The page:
Southeastern Section - 66th Annual Meeting - 2017

Paper No. 13-3
Presentation Time: 1:00 PM-5:00 PM


ADU AGYEMANG, Adela B., NANDI, Arpita, LUFFMAN, Ingrid and JOYNER, Andrew T., Geosciences, East Tennessee State University, 100 CR Drive, Johnson City, TN 37614,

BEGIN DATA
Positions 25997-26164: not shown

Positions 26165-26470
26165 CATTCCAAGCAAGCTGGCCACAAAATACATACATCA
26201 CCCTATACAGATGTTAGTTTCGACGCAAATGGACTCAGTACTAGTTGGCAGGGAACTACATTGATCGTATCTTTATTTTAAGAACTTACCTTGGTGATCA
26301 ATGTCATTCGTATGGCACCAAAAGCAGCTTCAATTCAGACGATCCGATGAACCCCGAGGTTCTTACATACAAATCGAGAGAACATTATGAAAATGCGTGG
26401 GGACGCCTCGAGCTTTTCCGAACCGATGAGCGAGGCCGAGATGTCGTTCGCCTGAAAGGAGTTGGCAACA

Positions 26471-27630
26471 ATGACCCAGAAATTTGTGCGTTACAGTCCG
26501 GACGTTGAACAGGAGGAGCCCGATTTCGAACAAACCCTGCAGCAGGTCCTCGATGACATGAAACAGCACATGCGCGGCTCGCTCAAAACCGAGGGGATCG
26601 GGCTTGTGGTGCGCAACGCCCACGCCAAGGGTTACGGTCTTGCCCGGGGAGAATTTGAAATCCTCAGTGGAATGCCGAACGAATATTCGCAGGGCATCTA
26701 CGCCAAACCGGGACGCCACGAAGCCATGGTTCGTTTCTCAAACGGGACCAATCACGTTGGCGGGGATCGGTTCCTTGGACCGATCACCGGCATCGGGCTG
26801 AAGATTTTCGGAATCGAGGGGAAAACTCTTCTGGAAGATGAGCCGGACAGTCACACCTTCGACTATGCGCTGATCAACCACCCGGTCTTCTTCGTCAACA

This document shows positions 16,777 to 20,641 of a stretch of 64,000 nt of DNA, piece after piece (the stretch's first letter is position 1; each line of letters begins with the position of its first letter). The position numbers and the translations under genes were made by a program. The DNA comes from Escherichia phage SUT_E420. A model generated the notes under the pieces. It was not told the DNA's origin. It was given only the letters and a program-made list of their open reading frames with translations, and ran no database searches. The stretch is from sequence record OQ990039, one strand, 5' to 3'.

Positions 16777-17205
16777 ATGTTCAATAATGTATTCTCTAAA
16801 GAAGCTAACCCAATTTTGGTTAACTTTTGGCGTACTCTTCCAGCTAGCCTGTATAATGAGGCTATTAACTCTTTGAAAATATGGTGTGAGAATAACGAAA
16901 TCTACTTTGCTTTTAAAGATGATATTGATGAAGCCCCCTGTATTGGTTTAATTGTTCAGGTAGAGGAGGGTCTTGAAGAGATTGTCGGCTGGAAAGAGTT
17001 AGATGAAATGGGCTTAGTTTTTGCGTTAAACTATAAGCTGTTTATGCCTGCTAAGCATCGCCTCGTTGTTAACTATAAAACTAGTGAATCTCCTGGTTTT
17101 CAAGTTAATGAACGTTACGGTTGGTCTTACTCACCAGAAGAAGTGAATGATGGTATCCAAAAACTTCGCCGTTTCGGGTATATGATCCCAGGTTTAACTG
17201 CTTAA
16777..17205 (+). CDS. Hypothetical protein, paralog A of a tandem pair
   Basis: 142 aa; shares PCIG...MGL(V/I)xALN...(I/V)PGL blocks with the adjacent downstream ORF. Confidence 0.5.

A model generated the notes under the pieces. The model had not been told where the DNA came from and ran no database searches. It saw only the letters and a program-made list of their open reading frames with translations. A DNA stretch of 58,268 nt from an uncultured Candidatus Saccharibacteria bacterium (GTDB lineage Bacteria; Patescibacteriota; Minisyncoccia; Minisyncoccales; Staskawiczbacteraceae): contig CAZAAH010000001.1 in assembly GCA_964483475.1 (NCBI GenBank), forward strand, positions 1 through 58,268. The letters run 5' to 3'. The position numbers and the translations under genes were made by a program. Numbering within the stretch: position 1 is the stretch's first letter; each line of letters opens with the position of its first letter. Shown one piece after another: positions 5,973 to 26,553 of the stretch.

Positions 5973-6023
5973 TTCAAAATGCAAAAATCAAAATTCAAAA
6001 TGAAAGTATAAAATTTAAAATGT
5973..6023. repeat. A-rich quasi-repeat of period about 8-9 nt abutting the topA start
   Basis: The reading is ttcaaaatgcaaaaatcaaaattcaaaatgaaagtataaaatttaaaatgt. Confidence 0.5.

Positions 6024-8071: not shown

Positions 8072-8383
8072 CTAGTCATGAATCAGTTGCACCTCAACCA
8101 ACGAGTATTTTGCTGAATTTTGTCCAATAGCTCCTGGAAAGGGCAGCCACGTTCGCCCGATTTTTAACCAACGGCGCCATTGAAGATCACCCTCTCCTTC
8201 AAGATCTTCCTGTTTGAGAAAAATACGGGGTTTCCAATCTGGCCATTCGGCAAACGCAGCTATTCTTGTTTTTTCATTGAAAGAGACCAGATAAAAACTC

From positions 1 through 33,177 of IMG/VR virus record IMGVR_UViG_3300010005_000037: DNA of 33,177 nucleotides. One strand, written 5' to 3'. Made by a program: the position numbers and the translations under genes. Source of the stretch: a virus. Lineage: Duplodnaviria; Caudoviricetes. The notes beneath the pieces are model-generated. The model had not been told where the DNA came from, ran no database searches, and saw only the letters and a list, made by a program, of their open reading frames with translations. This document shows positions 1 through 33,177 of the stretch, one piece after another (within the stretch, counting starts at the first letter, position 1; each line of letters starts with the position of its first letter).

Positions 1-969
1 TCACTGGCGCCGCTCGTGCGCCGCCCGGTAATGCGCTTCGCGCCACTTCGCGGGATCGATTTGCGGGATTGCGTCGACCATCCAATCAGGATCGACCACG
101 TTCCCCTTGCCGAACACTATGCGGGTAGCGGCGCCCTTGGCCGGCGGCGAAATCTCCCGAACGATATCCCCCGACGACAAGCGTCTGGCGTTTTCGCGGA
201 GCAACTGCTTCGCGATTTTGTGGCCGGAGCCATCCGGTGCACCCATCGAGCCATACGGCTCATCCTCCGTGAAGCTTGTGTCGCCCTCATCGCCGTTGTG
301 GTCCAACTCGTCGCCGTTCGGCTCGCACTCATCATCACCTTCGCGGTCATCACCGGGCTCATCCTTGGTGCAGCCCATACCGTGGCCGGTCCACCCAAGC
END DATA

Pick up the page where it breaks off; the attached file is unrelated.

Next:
High concentrations of nitrate in groundwater can be harmful to human health if ingested, and may be the primary cause of blue baby syndrome, among other health impacts. In this study, the spatial distribution of nitrate in groundwater for 610 private drinking water wells in Buncombe County, North Carolina was modeled. While nitrate concentration in the sampled wells did not exceed the 10mg/L limit established by the United States Environmental Protection Agency, some wells had nitrate concentrations approaching this limit (as high as 8.5mg/L). Kriging interpolation was implemented within a geographic information system to predict nitrate concentrations across the county, and a co-kriging model using land cover type and depth to water table as covariates was developed. Cross validation statistics of root mean square and root mean square standardized for both models were compared and the results showed that the predicted nitrate layer was improved when land cover layer were integrated into the model. The co-kriging interpolated surface with landcover as covariate had the lowest root mean square (0.979) when compared to the kriging interpolated surface (0.986), indicating a better fit for the co-kriging surface with landcover. The addition of depth to water table layer as covariate did not improve the co-kriging surface. High nitrate value of 2mg/L and above were concentrated in Hay/Pasture land, developed open space and deciduous forest containing 37.14%, 34.29% and 28.57% of the high nitrate concentration respectively. Results indicated that land cover type have an impact on nitrate concentrations in groundwater and the hay/pasture land cover type, in particular, contained the highest nitrate concentrations within the county.